Wolves could prove an asset to League One, boosting attendances from Crawley to Carlisle. On the opening day they took 5,000 to Preston, where the crowd was almost double last season's average. At Ashton Gate on Saturday, against Bristol City, also relegated, they again filled the away end with 2,200 and the crowd was 500 up on December's, when both clubs were struggling. Wolves won 4-1 then. This time it was 2-1, which kept up their unbeaten start – seven points from three games – but left City with only one. Wolves mean business not just public service.

They would rather not be here at all – 17 months ago they were entertaining Manchester United, albeit losing 5-0 – but it was less embarrassing to be facing vaguely familiar opponents. In the mid-80s they suffered three successive relegations and almost expired. Kenny Jackett is charged with preventing a repeat hat-trick and probably with gaining instant promotion.

He resigned from Millwall in May, having "taken them as far as I can" – 20th in the Championship, three places and five points above Wolves – and was soon Molineux's man, their fifth in 16 months, which is nothing by Blackburn's standards but says little for the judgment of the owner, Steve Morgan, and chief executive, Jez Moxey. Their heads are as much on the line as Jackett's. The appointment divided fans with remarkable vehemence. But then Wolves, celebrating their founder membership of the Football League in its 125th year, played their first match opposite the Fighting Cocks Inn.

Jackett is not a "muppet" or "clown". His copybook is unblemished through Watford, Swansea and Millwall. At Wolves he seems already a steadying influence and breath of fresh air after Stale Solbakken et al, shooting no lines and seeking ways to restore fans' pride in the club. "The connection between players and crowd had broken down," he said. "You have to work at it." Four years ago they averaged 28,000 at Molineux; 19,000 for their first home game shows the work to be done but also a readiness to give Jackett a chance.

He has quietly made firm intentions clear. "Fans want to see fresh players and an attacking team," he said. They saw both on Saturday, when the starting XI included only three who played in last season's final game. Some of the rest have gone, others were on the bench but four stalwarts of double relegation were not given squad numbers, effectively sent to Coventry or, as it may be, Northampton.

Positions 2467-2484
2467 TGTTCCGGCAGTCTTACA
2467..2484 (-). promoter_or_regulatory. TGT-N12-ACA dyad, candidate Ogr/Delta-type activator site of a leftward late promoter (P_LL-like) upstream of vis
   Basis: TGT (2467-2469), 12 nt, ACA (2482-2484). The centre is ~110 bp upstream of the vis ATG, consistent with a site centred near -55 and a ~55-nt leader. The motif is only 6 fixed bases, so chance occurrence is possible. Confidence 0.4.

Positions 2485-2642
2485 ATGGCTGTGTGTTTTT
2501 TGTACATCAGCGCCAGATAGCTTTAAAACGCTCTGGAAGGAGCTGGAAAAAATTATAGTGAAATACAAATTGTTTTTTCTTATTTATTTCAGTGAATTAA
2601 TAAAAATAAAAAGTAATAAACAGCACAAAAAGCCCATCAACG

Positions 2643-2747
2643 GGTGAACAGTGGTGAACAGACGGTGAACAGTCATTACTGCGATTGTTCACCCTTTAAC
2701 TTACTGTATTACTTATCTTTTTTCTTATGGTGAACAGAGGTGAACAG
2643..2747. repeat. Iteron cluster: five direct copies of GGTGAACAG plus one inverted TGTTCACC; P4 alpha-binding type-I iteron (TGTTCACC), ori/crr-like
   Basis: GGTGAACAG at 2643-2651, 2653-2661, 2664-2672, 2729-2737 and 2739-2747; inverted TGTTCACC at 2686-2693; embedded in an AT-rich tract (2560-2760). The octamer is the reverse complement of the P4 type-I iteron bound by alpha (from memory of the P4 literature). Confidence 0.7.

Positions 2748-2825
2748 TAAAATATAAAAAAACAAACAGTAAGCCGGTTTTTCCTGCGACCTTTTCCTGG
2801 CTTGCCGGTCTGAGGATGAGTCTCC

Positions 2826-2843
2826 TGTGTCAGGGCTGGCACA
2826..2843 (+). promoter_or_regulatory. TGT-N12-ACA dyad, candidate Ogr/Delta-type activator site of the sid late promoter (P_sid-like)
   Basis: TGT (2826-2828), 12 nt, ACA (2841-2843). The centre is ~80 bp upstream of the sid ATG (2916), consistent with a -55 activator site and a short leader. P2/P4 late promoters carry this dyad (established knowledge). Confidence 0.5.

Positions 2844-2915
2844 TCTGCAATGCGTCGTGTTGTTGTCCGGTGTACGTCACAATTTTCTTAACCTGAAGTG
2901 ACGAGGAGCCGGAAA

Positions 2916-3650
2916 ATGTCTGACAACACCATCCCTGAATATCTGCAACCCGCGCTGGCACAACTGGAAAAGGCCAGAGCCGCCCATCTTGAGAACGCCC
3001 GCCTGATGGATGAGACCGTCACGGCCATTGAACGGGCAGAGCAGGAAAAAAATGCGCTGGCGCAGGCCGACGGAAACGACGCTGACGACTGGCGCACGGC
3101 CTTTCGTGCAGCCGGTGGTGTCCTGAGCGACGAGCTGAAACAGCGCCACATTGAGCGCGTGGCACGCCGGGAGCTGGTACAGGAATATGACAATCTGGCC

The three who played made significant contributions. Kevin Doyle led the line with class and commitment, as he should on £40,000 a week, alongside Lee Griffiths, who came on for Scotland at Wembley last week and was one of five starters aged 22 or under. Bakary Sako, 25, curled in a free-kick for the first goal in the 22nd minute and set up the second, in the 85th, with a cross bundled in by Matt Doherty, 22, at the far post. Jay Emmanuel-Thomas equalised in the 53rd, Wolves' first League One concession, after Sam Baldock capitalised on Richard Stearman's slip.

Both sides are aiming to regroup but City were so haphazard in the first half that Sean O'Driscoll did well to group them at all for the second. The back four pushed up ("In 40 minutes we'd won only one second ball," he said) and City pressed with such fervour that Jackett was "delighted we came through. In front of a big and passionate crowd we did well not to let it slip through our fingers. It was a good achievement character-wise", worthy of the old gold and black that reflects the borough's motto of "light cometh out of darkness", even if the reverse has been true lately.

It was made finer for being executed in an outfit of lilac from head to foot, though Griffiths did wear marigold boots. There was no clash with City's red but no one anyway should have to sport this, even for sponsors' money. Wild pansy would have been better. Then again they do have to play in the Johnstone's Paint Trophy.